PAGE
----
Mesh Medical Device News Desk, July 27, 2018 ~ The fallout from lax federal regulation over medical devices and the harm done to patients, is the focus of a new documentary, The Bleeding Edge, which premiers today on Netflix.
Image: Scene from The Bleeding Edge
Mesh-injured Tammy Jackson, is followed through the film along with her family. Her pelvic mesh implant was among the medical devices, 95% of which are cleared for sale and marketing by a loophole in Food and Drug Administration safety, known as the 510(k).
Pelvic mesh, Essure birth control and metal-on-metal hips all entered the market after assurances from manufacturers that they were safe and effective.
Most medical devices are considered moderate risk or class II by the agency, even if they are to be implanted permanently. Unlike drug reviews, which involve clinical trials and years of research to assure safety, the FDA relies on the honesty and integrity of the device maker that theirs is similar enough to a device already marketed, even if that “predicate” device has been recalled from the market for problems.
“When it comes to medical devices, we built a system that doesn’t work for proper regulation,” says David A. Kessler, former FDA commissioner. Director Kirby Dick tells the New York Times that the multi-billion dollar medical device industry has exploited those flaws.
The film looks at the revolving door between the FDA and the industries it oversees. Leave the federal agency, get a cozy job with industry, revolve back into a government position.
It’s job security for the few, but at what cost?
Jackson is one of hundreds of thousands of women implanted with vaginal mesh, “which costs about $25 to bring to market, and they sell for about $2,000” says urogynecologist, M. Tom Margolis, MD.
Attorney Adam Slater who successfully represents hundreds of mesh injured women, also featured in the film.
At one time there were more than 104,000 defective product lawsuits filed in one federal court in the U.S. alone against seven mesh makers – Johnson & Johnson, American Medical Systems, Boston Scientific and C.R. Bard, among them. In the case of all of the medical devices mentioned in the documentary, there was no long-term data before the devices were put on the market.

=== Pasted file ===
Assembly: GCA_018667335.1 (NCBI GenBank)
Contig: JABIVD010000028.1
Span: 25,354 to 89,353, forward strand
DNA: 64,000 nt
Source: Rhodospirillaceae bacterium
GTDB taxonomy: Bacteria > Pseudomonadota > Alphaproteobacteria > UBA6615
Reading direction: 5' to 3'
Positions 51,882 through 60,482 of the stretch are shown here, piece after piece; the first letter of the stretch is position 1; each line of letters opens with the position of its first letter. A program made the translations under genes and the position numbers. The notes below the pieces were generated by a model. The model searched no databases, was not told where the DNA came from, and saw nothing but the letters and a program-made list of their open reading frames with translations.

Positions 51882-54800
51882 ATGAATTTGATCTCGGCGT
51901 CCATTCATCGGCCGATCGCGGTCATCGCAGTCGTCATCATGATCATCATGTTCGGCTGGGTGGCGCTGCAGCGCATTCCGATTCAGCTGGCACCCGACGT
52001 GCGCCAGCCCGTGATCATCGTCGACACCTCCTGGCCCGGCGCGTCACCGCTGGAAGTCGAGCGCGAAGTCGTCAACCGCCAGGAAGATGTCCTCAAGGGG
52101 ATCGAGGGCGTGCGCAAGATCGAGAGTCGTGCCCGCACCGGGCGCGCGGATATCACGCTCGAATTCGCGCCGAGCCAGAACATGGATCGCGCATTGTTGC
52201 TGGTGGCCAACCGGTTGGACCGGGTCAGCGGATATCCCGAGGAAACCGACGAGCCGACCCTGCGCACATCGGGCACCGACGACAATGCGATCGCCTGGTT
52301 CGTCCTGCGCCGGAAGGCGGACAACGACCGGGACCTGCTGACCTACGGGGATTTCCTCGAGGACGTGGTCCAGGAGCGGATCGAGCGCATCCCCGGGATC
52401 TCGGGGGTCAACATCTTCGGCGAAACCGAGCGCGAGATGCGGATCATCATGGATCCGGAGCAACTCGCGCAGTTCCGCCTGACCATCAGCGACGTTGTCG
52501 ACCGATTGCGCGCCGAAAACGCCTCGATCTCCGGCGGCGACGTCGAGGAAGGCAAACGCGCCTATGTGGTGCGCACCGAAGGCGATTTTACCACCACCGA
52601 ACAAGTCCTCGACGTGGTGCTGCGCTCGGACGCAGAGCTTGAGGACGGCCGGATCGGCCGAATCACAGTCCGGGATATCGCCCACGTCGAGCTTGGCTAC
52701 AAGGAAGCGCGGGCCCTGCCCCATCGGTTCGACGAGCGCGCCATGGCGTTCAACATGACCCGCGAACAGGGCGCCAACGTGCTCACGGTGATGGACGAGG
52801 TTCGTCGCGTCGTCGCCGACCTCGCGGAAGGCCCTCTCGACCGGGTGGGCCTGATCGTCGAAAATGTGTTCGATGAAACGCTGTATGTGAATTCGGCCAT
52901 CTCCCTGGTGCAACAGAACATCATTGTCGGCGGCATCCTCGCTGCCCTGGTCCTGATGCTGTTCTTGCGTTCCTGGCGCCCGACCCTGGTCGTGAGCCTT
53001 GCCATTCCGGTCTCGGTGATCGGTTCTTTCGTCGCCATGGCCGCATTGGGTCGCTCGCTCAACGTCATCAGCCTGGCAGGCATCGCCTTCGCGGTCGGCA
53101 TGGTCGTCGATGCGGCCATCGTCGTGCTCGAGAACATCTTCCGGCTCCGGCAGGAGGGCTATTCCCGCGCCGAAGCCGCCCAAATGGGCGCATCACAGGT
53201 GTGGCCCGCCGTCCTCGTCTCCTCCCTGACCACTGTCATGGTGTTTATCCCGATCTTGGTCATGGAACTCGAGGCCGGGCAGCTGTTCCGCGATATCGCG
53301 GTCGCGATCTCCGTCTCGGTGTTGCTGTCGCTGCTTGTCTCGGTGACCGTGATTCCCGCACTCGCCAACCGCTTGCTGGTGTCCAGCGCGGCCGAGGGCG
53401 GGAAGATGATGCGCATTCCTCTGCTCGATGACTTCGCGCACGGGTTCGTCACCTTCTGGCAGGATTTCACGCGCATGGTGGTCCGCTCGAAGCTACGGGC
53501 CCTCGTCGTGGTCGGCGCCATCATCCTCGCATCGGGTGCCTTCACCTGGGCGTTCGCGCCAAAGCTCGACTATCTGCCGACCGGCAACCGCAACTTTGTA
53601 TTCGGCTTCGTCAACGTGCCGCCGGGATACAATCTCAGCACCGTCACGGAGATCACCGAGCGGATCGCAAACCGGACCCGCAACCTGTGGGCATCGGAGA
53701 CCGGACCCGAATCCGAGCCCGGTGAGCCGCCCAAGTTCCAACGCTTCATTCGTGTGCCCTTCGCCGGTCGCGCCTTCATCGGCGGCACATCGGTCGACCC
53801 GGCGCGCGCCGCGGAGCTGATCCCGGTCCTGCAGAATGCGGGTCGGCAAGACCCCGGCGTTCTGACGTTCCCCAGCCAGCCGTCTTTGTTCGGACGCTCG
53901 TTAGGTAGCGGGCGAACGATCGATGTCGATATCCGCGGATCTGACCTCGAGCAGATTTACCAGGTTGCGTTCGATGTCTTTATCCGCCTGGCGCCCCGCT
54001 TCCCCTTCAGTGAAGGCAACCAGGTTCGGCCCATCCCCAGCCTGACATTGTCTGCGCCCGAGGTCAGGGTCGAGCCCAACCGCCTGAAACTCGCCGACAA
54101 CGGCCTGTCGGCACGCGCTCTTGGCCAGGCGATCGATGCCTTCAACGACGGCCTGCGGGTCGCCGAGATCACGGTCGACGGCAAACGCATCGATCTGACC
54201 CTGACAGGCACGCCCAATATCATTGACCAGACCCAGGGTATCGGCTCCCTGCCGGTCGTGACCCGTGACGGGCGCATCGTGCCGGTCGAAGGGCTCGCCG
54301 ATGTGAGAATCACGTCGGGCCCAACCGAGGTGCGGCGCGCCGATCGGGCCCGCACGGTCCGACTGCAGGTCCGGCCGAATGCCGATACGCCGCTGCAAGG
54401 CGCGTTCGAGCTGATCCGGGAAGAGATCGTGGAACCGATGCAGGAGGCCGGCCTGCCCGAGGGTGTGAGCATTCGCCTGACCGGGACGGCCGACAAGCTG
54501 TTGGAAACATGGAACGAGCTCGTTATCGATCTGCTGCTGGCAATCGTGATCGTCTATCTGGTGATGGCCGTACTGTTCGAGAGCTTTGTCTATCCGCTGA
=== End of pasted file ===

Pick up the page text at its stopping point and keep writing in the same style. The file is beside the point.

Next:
Most pelvic meshes used to treat stress urinary incontinence (SUI) are still on the market, while the larger mesh, all polypropylene, used to treat prolapse, have been reclassified as high-risk or class III. That essentially means the bar is raised on proving safety. As a result, most prolapse meshes are no longer on the market.
No matter what medical device, when scientists, working for industry, voice internal dissent that the product is not ready for market, a plaintiff’s lawyer says, “the marketing is always going to win out.”
The film features Ana Fuentes, who was implanted with an Essure birth control device, made by Bayer. The mother of four is not unable to work because of the complications she continues to experience.
Angie Firmalino, who founded Essure Problems on Facebook, says even though Bayer announced last week it would remove Essure from the market, more work needs to be done. “That was a win,” she tells MND.
Implanted in 2011 she started the Facebook group two years after she was implanted to warn friends.
It originated as a support group, but grew virally online as more and more women found each other and shared their experiences.
Public pressure was a deciding factor in the removal of Essure.
Essure problems took excerpts from the FDA’s expert panel meeting and created YouTube Videos. “The more people saw the angrier they got,” says Firmalino.
Then Erin Brockovich got involved and the Essure group sent volumes of emails to the FDA and continued to research data within the agency to come to the convincing conclusion that Essure should not have been marketing.
No word on how many women have been implanted with Essure. Bayer says 750,000 kits have been sold worldwide, but Firmalino says they don’t know if that translates into women implanted.
Stephen Tower, a physician who was implanted with a chrome-cobalt prosthesis hip, was poisoned which led to a mental breakdown.
Conflicts of interest are addressed with an ominous warning the dangers of devices will grow over time. Medical companies paid doctors more than $2 billion in 2016 to use their implantable devices, says the film.
“The medical device industry has incredible power in Washington, D.C.”
“They don’t really care,” says one patient.
“The only good thing is knowing I’m not alone,” says Jackson. ##
See The Bleeding Edge Trailer here